"Save the babies that are born" is the central idea of this report. The object is avowedly to stimulate interest in the task of reducing the amount of illness and mortality among mothers and children of the poor. The authors consider such aspects of the problem as the incidence of infant mortality and its relation to poverty, municipal sanitation, the establishment of antenatal and postnatal centers, special aid for expectant mothers in rural districts, and the training of health officers and midwives.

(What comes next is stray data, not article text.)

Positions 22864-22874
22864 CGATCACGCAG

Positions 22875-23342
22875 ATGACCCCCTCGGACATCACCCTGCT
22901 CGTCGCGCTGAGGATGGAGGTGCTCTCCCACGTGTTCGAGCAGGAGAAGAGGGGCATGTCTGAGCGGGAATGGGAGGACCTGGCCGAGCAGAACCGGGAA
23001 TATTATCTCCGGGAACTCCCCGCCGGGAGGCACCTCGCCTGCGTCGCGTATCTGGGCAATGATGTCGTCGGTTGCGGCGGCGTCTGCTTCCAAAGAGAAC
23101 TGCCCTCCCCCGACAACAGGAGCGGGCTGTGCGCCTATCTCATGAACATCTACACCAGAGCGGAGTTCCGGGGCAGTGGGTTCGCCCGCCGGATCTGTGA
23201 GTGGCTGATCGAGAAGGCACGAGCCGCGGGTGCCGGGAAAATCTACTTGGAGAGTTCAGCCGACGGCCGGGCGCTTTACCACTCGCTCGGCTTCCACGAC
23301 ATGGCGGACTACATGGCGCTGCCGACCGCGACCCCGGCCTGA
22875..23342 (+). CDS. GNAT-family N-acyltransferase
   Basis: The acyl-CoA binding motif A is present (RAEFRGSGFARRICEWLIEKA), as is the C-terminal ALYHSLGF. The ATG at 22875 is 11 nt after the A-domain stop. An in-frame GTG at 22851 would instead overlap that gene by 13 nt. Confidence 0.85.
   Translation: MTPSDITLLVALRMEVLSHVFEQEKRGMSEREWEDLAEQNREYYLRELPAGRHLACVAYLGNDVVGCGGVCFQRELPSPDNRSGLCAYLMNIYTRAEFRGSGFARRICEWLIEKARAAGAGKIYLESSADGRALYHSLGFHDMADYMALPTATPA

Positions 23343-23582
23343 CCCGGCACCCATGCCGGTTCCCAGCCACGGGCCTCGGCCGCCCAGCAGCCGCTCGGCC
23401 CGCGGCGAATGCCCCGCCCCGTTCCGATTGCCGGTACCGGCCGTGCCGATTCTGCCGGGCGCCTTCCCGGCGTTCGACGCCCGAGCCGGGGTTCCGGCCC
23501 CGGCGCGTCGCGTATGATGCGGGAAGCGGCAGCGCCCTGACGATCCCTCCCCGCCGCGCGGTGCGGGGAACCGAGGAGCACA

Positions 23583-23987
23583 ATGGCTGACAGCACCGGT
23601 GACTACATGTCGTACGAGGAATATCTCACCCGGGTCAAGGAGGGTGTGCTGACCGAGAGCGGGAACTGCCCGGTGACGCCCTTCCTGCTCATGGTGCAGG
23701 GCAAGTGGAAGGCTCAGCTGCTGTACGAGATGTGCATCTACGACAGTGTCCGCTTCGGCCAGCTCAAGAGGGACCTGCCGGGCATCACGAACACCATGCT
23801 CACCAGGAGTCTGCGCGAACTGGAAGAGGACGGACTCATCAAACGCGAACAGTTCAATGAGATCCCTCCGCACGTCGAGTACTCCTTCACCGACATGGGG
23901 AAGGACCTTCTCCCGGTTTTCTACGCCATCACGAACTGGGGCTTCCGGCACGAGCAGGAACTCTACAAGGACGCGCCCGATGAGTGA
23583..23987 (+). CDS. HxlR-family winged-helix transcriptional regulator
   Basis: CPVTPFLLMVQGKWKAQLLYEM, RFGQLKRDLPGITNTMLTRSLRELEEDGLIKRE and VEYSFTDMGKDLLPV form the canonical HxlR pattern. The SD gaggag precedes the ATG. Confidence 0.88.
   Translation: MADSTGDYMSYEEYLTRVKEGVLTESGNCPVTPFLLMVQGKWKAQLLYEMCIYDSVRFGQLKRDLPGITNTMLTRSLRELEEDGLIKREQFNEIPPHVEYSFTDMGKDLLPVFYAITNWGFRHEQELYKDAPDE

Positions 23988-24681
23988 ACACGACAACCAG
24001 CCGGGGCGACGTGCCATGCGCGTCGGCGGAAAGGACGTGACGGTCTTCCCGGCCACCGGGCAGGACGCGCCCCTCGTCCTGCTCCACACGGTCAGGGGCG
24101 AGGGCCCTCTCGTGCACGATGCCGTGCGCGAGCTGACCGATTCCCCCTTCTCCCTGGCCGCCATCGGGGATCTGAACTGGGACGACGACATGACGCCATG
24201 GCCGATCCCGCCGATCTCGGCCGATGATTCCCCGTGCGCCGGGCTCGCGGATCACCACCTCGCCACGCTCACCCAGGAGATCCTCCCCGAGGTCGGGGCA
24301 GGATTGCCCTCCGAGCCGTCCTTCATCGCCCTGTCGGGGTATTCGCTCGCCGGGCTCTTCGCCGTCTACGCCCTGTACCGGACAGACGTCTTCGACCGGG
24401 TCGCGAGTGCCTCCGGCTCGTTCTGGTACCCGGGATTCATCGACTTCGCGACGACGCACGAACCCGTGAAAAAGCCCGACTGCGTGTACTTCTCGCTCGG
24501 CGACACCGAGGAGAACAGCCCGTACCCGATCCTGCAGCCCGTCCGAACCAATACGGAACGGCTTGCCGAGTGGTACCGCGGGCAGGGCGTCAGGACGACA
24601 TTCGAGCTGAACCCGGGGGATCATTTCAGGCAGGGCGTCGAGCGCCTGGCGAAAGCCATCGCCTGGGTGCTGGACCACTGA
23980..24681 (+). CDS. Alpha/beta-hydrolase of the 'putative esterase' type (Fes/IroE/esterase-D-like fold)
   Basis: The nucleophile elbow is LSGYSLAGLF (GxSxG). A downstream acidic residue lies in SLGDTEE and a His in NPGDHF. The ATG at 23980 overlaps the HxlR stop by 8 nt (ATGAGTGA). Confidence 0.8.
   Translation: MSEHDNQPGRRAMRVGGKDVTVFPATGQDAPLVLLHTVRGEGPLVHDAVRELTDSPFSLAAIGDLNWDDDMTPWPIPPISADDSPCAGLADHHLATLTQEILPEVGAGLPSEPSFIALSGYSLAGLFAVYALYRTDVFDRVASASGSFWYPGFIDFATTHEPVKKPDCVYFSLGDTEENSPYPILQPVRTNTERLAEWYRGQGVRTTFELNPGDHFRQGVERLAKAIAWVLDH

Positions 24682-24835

It is pointed out that bad housing and poverty go hand in hand, and that the economic condition of the parent is largely responsible for congenital weakness in the child, since the struggle for existence among the poor reacts on the fetus. The importance of proper sanitation is recognized for the reason that filthy courts and alleys, bad drainage, and the absence of personal and domestic hygiene are